As James Taranto puts it, in a thoughtful, well-written essay on the South Carolina Republican debate the other night (see "Why They Stood and Cheered") and on the moment when Newt Gingrich received what may be - according to Taranto - the only standing ovation in presidential primary history:
[N]o Republican running for president is proposing a return to Jim Crow or a repeal of civil rights laws. [Lee] Siegel's implicit notion [found here] that only whites are capable of benefiting from economic freedom under a regime of legal equality amounts to an insidious theory of racial supremacy.Hear hear.
That is the idea that Newt Gingrich repudiated in answer to Juan Williams's (not particularly objectionable) question. That is what brought the crowd to their feet.
The people who stood and cheered as the former speaker forcefully defended the freedom of "every American of every background" were mostly white members of today's Republican Party in the state that started the Civil War and later produced "Pitchfork Ben" Tillman and Strom Thurmond. That it was Martin Luther King Day was lagniappe.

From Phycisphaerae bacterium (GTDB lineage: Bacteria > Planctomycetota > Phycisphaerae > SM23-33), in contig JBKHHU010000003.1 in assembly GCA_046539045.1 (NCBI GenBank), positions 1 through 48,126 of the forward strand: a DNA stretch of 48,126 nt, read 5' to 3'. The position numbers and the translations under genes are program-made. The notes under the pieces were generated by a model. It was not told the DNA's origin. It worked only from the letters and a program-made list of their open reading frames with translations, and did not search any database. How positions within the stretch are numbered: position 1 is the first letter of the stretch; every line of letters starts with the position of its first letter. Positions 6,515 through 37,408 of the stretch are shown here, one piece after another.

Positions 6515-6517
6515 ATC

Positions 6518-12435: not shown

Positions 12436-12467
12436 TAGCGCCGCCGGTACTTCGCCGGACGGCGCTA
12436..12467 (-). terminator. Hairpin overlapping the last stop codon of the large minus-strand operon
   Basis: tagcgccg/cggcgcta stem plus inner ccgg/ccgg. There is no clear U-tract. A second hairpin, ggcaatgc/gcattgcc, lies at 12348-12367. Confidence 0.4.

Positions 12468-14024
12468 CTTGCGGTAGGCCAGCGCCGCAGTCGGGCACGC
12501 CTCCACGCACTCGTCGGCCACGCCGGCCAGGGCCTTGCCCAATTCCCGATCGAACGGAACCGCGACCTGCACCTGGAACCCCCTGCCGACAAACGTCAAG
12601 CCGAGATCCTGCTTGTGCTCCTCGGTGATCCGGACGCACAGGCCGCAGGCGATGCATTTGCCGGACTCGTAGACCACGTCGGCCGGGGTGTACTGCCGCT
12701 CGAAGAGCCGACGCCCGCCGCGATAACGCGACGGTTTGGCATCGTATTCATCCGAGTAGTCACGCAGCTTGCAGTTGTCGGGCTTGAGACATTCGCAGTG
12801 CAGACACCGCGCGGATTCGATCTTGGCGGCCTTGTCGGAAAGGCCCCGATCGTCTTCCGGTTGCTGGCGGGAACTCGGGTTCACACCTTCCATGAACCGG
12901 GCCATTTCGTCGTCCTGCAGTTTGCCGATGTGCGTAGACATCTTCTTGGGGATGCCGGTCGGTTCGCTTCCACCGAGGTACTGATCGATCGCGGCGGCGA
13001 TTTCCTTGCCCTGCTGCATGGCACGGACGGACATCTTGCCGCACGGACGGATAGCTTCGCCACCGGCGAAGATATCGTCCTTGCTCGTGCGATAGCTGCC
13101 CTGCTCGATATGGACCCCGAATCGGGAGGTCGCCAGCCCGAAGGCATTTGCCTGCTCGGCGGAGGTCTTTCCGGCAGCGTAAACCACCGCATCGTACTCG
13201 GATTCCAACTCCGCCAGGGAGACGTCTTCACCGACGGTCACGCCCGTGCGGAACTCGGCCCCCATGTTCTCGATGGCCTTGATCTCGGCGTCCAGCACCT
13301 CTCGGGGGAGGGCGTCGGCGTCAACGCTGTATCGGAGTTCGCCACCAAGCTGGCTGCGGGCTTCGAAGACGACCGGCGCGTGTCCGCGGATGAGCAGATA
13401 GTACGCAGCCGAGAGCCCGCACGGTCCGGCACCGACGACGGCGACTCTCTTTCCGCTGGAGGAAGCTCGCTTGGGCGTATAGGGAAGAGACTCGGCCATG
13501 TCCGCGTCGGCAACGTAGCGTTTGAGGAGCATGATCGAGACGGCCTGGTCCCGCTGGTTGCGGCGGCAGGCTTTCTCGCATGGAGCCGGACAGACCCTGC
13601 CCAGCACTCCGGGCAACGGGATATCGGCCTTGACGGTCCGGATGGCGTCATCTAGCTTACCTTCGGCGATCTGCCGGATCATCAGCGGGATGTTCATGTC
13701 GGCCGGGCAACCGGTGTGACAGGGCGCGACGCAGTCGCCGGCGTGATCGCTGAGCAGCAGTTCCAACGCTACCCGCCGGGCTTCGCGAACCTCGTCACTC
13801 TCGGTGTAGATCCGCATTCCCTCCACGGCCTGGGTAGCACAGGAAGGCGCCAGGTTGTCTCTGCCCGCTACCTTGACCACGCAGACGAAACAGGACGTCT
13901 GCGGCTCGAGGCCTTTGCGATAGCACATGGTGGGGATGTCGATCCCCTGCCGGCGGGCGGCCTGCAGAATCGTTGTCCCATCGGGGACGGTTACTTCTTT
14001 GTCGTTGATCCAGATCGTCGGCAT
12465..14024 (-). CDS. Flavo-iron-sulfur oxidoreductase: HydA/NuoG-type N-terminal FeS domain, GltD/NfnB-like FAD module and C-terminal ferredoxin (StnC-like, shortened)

"Next to the election of a black president, we'd say that Gingrich's standing O was the most compelling dramatization of racial progress so far this century. Which isn't to say that racism has been completely eradicated. It lives on in the minds of liberals who see Bull Connor when they look at Ozzie Nelson."
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I was curious, when I read the passage cited above, about the usage of the pronoun in this sentence: "That is what brought the crowd to their feet." Their? Shouldn't it read, "That is what brought the crowd to its feet"? Knowing that James Taranto is punctilious when it comes to the proper usage of grammar and syntax, I wondered how he could have used the plural "their" instead of the singular "its" in conjunction with the noun "crowd." So I looked it up.
As it turns out, either would be acceptable.
Ya just never know ...